The U.S. behaved like a ‘gangster’ to ‘rob’ TikTok from China and Beijing has ‘no reason’ to approve the deal: Chinese media

An agreement on the ownership of TikTok’s U.S. operations approved by Washington last weekend is a “dirty and underhanded trick” based on “bullying and extortion,” state-owned English language newspaper China Daily wrote in an editorial on Wednesday. It went on to compare the U.S. administration to “a gangster forcing an unreasonable and unfair business deal on a legitimate company.”

– The White House last weekend approved a deal that quickly showed the three signatory companies at odds over its interpretation. TikTok’s Chinese owner, ByteDance, said it would own 80% of a new TikTok Global entity, while Oracle and Walmart, its U.S. future partners, insisted instead that they will control the company.

– Global Times, an English language version of the Communist Party newspaper People’s Daily, also denounced the Trump-approved deal on Wednesday, proclaiming in a headline that China wouldn’t “allow the U.S. to rob TikTok.” The paper also quoted an expert describing Oracle’s founder Larry Ellison as “definitely an anti-China person.”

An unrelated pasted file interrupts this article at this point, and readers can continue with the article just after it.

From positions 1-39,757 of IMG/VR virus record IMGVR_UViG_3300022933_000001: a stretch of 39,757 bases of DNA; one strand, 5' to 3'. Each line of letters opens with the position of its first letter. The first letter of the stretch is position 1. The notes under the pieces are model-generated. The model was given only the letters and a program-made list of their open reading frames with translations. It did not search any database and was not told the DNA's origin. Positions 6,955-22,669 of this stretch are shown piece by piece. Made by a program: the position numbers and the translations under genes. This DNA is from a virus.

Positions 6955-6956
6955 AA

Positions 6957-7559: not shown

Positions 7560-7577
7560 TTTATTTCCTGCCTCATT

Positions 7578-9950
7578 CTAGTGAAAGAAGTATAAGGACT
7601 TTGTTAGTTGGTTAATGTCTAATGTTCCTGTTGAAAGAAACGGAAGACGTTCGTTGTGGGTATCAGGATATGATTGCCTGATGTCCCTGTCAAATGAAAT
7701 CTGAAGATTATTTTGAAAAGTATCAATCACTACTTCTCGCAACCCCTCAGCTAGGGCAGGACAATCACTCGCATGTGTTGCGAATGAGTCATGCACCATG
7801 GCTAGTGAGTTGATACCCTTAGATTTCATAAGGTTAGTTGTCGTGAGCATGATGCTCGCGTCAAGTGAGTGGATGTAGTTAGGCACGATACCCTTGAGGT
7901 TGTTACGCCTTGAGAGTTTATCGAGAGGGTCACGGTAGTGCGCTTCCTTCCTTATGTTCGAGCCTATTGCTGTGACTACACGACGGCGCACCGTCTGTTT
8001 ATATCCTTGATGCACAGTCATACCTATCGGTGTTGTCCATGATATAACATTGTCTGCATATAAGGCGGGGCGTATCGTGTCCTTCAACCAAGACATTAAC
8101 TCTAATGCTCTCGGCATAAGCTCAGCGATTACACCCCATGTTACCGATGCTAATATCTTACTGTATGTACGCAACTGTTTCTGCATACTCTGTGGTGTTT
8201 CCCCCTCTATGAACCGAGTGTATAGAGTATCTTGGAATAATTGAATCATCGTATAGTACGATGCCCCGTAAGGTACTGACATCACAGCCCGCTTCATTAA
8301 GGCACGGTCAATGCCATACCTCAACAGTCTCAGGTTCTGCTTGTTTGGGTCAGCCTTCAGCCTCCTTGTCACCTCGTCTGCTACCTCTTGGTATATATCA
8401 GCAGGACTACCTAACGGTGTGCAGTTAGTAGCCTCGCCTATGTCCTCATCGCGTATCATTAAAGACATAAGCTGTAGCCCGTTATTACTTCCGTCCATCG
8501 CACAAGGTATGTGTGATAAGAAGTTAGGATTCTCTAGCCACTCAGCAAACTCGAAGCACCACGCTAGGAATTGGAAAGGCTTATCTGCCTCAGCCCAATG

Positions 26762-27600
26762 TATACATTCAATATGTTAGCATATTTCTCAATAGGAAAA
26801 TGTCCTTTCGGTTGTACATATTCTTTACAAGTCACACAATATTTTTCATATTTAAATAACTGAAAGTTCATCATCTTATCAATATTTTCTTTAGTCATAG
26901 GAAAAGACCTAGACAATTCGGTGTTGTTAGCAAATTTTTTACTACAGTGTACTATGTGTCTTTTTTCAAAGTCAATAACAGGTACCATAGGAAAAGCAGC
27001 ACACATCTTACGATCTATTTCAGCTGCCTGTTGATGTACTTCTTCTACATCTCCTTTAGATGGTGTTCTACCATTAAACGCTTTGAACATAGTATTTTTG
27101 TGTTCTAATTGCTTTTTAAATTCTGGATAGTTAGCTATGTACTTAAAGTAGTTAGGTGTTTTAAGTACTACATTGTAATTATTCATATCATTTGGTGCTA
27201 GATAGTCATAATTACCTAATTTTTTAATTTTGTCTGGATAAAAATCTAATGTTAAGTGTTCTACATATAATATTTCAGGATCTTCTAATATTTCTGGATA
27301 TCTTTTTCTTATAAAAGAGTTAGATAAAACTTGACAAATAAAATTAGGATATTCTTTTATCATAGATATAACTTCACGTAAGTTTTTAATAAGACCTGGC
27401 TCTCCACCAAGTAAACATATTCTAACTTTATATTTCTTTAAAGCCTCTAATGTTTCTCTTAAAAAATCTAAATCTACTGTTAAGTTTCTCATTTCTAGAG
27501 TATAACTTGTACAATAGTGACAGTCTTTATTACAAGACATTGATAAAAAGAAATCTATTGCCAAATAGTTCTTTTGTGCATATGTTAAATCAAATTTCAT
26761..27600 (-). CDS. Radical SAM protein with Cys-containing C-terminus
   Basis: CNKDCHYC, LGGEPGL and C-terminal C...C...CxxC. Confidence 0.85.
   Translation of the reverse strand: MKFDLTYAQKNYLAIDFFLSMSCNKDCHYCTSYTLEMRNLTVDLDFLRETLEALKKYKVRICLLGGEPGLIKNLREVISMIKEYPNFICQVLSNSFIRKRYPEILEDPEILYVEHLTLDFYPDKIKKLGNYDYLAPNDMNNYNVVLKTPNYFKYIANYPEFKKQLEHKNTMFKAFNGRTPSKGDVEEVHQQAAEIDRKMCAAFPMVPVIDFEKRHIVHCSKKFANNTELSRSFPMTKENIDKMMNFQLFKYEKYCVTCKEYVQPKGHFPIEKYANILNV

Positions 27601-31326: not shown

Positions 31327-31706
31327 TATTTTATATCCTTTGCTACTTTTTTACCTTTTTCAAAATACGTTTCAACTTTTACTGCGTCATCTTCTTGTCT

– ByteDance chose database software company Oracle ORCL, -2.73%  and retailer Walmart WMT, -1.67%  over technology giant Microsoft MSFT, -3.29%  when it was forced by Washington to hand over its U.S. operations under the threat of an outright ban. The U.S. government balked at a first version of the deal that kept the Chinese in control of the popular videosharing app.

– “Even if it means TikTok could be shut down complete in the U.S., China will not sit idle and allow the U.S. government to seize a Chinese asset so brazenly,” the Global Times warned.

Read:China flexes its muscles in Hong Kong with arrest of pro-democracy media tycoon Jimmy Lai

The outlook: It looks like the White House-sanctioned deal wasn’t quite a deal after all. But it is still hard to tell whether the Chinese media editorials signal Beijing’s outright opposition to any form of agreement, or whether they just amount to a bit of saber-rattling before another compromise is found. However important it has become to the online lives of American and European teenagers, and to President Donald Trump’s campaign against Chinese security threats, TikTok isn’t seen by analysts as crucial to Beijing’s interests. And in any case, the dispute about its ownership must be placed in the overall context of the tense and deteriorating U.S.-China relations.

Read: From lockdowns to Brexit, the U.K. economy is heading toward a rough winter


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